Older Reviews – Rock, Pop, Folk, Soul, Blues, etc.

Love – Revisited

More Love

More Psych Rock

This is a very old review. The sound of this “greatest hits” compilation, on even the best copies, is unlikely to be good enough to qualify for Hot Stamper status these days. We will never really know of course, as we no longer buy these pressings or take the time to clean and play them. Love is a very well recorded band, one that deserves to be heard on top quality vintage pressings.

Our review from way back when:

This album was made from dub tapes and has some of that dubby sound (smeary, veiled, lacking in space), but in its defense we can say that it was very well mastered from those copy tapes and for the casual fan of the band is worth picking up if the price is right.

We had a chance to shootout a handful of copies recently and didn’t hear any others that could compete with this Elektra Original Pressing. We are HUGE fans of Love and this copy will show you why.

Both sides are lively and full-bodied and the bottom end is KILLER throughout. In short, it’s EXACTLY the sound you want for this music. Give it a chance and you’ll hear for yourself!

Compared to some other copies, this one had more impact, more power and more energy. The vocals are full-bodied and rich with excellent presence. Most copies we heard were pretty blurry down low, but you can actually make sense of the bass on this one. (more…)

Got Old Records? Played ‘Em Lately? What Did You Think of the Sound?

New to the Blog? Start Here

Basic Concepts and Realities Explained 

It’s not that most copies of Lee Michaels’ 5th sound bad; it’s that most of them just sound like old records — thick, dull, opaque, smeary, closed-in, two-dimensional, lifeless and uninspired.

You know that sound. It’s on a lot of the records we play, and no doubt on a lot of the records you own, especially the records you haven’t cleaned and played in a while (it’s there; you just aren’t aware of it).

Pull out your old copy of 5th. Back in the day it sounded just fine, but if you’ve been listening to mostly better records lately (assuming you haven’t fallen into the Heavy Vinyl trap), doubtlessly on much improved equipment than you had 40 years ago, your old A&M copy probably doesn’t sound as good as you remember it.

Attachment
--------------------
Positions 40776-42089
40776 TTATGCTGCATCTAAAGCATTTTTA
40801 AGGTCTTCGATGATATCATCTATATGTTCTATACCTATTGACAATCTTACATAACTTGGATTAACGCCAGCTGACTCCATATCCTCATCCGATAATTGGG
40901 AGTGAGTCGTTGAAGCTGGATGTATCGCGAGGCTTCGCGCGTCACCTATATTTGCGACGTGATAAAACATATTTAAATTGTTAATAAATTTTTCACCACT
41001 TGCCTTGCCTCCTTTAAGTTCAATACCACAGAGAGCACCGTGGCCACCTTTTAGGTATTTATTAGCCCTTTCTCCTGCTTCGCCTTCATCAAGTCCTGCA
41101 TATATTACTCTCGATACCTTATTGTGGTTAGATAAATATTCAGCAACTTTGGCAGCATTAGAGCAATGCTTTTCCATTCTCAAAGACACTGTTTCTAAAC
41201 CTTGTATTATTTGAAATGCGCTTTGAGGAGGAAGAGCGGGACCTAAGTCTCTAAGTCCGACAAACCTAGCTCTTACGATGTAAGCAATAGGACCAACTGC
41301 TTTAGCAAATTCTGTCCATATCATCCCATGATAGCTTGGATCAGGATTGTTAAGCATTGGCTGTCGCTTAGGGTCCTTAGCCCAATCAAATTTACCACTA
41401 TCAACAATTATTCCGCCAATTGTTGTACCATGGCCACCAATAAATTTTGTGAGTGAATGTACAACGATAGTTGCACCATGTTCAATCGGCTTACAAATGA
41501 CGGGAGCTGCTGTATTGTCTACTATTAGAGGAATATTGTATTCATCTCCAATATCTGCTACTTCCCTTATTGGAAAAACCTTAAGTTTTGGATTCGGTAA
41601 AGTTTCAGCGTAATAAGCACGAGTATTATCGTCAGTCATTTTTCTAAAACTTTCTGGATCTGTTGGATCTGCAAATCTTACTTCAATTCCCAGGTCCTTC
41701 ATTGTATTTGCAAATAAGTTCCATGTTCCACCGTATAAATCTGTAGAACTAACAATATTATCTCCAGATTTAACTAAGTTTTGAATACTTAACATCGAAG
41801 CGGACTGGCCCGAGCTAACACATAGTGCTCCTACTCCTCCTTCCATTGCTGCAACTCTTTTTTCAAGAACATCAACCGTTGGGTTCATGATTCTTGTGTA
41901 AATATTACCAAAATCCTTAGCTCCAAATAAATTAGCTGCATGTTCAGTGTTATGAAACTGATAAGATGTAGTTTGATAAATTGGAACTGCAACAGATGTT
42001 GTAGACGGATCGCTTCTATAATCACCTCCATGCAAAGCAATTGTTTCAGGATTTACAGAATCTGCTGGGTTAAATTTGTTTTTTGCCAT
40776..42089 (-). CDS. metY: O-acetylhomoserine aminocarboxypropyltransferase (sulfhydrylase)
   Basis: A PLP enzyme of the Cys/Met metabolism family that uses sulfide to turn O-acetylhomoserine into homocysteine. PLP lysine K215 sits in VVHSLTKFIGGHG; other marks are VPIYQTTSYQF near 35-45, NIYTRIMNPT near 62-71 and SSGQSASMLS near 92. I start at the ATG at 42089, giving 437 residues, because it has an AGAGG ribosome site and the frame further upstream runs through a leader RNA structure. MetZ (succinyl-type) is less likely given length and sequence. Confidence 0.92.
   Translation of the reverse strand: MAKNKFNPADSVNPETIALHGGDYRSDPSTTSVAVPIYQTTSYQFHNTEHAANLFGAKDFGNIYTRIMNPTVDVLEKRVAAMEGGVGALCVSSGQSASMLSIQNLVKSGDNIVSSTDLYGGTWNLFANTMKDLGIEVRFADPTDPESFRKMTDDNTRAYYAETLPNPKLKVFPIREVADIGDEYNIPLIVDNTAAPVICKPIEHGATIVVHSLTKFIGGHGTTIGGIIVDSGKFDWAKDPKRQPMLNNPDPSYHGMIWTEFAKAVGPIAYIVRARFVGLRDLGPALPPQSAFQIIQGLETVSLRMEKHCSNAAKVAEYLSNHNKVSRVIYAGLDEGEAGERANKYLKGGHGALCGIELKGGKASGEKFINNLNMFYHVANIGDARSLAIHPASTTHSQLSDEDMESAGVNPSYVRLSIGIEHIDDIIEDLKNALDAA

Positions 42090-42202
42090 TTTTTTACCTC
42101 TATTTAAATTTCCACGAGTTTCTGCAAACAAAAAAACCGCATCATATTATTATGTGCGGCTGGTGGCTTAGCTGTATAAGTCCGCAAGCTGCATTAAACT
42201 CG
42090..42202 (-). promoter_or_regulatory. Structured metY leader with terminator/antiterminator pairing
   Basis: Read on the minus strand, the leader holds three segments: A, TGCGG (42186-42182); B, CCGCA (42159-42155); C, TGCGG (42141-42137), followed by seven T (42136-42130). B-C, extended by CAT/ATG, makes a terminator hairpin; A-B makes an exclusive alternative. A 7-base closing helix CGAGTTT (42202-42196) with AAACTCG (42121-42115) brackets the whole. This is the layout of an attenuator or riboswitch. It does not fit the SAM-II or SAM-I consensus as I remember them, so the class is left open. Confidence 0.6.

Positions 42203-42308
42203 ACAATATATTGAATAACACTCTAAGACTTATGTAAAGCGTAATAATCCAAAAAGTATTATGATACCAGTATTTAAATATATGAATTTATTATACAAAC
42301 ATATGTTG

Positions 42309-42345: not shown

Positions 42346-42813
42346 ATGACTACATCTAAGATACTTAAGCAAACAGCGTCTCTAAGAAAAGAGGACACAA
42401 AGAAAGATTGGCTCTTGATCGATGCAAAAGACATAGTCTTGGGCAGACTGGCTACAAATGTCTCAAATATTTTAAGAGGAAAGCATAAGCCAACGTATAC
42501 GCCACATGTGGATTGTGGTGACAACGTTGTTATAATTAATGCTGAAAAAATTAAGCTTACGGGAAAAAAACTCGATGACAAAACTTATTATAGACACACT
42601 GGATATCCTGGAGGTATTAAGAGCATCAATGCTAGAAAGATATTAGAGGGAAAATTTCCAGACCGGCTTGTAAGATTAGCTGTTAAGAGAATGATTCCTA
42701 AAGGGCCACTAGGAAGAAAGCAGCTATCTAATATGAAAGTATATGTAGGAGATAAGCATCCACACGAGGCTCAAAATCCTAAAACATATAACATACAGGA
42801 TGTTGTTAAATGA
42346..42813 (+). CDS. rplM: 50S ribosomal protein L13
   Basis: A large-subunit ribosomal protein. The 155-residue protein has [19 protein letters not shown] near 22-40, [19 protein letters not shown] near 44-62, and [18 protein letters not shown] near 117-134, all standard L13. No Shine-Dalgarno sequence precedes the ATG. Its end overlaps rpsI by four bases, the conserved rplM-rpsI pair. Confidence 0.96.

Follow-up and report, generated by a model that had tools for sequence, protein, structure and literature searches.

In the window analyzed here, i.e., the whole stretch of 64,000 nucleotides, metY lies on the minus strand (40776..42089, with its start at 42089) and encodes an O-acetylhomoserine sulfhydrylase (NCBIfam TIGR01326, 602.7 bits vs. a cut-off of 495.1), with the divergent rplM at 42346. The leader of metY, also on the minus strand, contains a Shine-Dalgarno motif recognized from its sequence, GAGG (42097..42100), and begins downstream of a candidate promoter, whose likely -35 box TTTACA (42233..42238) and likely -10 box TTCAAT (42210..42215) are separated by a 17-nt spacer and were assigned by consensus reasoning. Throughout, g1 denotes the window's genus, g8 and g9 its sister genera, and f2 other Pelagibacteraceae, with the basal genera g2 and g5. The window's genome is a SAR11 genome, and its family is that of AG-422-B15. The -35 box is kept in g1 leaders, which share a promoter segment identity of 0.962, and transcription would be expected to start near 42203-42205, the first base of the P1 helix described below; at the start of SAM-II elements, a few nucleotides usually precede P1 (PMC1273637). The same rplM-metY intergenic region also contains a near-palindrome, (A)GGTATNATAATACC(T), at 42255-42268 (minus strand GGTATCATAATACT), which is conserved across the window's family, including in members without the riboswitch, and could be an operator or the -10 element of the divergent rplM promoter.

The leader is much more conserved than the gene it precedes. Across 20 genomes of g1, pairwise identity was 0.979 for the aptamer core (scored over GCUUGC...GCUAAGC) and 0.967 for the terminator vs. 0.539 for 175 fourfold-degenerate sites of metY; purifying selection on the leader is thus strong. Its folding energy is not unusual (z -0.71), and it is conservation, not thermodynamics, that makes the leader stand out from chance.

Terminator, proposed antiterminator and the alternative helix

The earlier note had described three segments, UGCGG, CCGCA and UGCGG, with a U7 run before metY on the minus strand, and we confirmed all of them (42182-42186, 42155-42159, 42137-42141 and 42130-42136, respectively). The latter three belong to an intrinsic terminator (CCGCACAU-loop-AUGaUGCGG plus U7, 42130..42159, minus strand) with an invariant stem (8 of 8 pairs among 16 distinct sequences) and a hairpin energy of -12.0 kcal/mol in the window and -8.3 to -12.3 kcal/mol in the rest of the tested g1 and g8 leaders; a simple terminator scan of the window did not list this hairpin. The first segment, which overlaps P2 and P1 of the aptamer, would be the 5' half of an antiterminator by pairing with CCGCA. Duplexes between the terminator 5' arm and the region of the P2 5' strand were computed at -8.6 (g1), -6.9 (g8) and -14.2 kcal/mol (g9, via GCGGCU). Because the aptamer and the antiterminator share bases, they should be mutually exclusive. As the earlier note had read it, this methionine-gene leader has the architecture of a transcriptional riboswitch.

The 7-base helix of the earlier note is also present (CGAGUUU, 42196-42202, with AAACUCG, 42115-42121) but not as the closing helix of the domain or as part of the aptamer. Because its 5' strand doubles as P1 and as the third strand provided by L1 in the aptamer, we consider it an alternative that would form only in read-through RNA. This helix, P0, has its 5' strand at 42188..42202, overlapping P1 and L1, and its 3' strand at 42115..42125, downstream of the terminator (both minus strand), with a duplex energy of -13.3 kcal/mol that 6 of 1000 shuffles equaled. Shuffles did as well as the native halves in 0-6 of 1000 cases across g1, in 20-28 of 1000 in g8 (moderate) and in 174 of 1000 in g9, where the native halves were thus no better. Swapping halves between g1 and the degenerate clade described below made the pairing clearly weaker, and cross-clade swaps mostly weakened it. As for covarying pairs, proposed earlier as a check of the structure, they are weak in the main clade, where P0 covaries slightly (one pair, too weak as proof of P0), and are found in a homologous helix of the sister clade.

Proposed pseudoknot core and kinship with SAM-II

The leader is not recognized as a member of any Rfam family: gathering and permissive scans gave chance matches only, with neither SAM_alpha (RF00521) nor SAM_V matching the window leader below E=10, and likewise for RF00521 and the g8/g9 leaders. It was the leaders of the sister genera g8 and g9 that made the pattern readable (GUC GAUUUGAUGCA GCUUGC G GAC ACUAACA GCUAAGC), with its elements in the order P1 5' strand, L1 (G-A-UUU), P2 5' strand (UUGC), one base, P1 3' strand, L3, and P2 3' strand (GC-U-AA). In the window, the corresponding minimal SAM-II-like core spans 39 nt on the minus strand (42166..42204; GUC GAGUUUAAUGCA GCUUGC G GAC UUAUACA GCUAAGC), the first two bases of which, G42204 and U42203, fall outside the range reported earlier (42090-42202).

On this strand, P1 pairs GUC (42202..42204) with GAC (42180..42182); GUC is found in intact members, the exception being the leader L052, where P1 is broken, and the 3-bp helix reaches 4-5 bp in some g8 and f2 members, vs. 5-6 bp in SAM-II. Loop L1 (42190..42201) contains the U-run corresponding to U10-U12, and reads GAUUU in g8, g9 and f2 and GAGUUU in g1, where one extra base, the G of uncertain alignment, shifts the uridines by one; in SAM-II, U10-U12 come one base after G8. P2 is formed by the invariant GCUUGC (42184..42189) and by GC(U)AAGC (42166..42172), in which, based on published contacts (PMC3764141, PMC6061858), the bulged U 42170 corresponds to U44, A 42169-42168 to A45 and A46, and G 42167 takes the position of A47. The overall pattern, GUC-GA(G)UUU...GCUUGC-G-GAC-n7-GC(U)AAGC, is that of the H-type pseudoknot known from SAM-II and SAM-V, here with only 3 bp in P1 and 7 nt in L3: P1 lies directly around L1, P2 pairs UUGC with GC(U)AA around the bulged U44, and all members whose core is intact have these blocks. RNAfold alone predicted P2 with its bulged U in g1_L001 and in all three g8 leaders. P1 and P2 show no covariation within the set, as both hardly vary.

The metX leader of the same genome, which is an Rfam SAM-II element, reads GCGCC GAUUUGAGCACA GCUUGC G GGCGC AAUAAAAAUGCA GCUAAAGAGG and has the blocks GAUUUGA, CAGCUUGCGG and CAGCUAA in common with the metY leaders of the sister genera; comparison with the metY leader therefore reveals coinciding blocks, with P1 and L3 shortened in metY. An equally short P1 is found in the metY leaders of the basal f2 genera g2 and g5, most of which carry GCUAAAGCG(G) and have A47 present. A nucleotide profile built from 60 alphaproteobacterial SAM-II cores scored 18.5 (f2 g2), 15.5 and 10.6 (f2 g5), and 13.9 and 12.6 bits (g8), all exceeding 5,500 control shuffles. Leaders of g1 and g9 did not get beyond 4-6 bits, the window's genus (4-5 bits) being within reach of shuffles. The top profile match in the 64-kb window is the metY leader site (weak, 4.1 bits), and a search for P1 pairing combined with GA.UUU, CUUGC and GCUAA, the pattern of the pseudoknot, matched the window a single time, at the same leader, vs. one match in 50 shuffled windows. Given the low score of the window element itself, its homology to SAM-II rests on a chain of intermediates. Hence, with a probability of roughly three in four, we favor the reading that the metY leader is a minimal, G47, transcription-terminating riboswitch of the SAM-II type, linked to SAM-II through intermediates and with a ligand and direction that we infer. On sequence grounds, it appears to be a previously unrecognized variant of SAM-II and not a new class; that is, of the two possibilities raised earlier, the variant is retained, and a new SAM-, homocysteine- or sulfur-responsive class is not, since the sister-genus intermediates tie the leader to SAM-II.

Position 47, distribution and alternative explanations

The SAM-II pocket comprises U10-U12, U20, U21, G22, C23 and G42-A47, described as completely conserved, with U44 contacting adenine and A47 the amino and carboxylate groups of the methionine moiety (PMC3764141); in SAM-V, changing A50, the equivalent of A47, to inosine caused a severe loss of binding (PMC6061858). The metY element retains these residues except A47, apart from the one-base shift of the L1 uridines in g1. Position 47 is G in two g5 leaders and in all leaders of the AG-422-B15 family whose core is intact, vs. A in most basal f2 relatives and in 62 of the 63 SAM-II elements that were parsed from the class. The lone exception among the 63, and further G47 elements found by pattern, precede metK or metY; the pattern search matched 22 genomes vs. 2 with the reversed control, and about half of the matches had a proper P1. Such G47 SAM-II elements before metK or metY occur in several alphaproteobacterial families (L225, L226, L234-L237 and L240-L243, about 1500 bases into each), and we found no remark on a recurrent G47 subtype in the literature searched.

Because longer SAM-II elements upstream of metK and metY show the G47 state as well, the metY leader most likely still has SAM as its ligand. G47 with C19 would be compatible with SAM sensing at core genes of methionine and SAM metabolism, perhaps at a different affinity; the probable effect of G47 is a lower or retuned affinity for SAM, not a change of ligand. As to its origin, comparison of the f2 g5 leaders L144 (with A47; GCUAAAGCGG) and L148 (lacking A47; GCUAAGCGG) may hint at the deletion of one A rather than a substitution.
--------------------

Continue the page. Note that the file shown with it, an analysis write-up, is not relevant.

The records may not have changed, but your stereo and your standards should have.

Couple that with improved listening skills and before long the average old record starts to sound a lot more average than you wish it did. Even today’s better pot can’t fix the problems of most vintage pressings (or the Heavy Vinyl and CD reissues, which have to be seen for what they are: two of the biggest jokes ever played on the audiophile public).

But we can fix the problems — well, not really: we’re just finding the copies that managed to be mastered and pressed without the problems, and then giving them a good cleaning — and our Hot Stampers are 100% legal to boot. (more…)

Andrew Gold – What’s Wrong With This Picture?

Hot Stamper Pressings on the Asylum Label Available Now

More Records on Asylum – A Label We Love

The best copies of Gold’s sophomore release are incredibly rich, sweet and Tubey Magical. They also have tons of deep punchy bass and wonderfully breathy vocals.

If you own many Asylum records, you know this title is yet another example of classic Asylum Analog. Think of the sound of the Eagles first album and you won’t be far off.

Andrew Gold is another talented popster who got little respect from the critics, or the public for that matter. His music has a lot of the same qualities as Buddy Holly’s: simple catchy tunes about love, with clever lyrics and tons of hooks. He covers one of Holly’s songs on this very album.

But the best song he ever did is right here on side two: One of Them Is Me. Everybody has been the guy telling this story at one time or another; it’s a heavy song if you make the effort to listen to the lyrics.

More importantly, from an audiophile recording point of view, the song builds and surges to a stirring, dynamically powerful climax, then drops down to the noise floor with just an electric piano playing softly. This is what being a studio wizard is all about, and Gold is definitely a wizard. Any Super Hot or better pressing will demonstrate to you that this is one helluva well recorded album.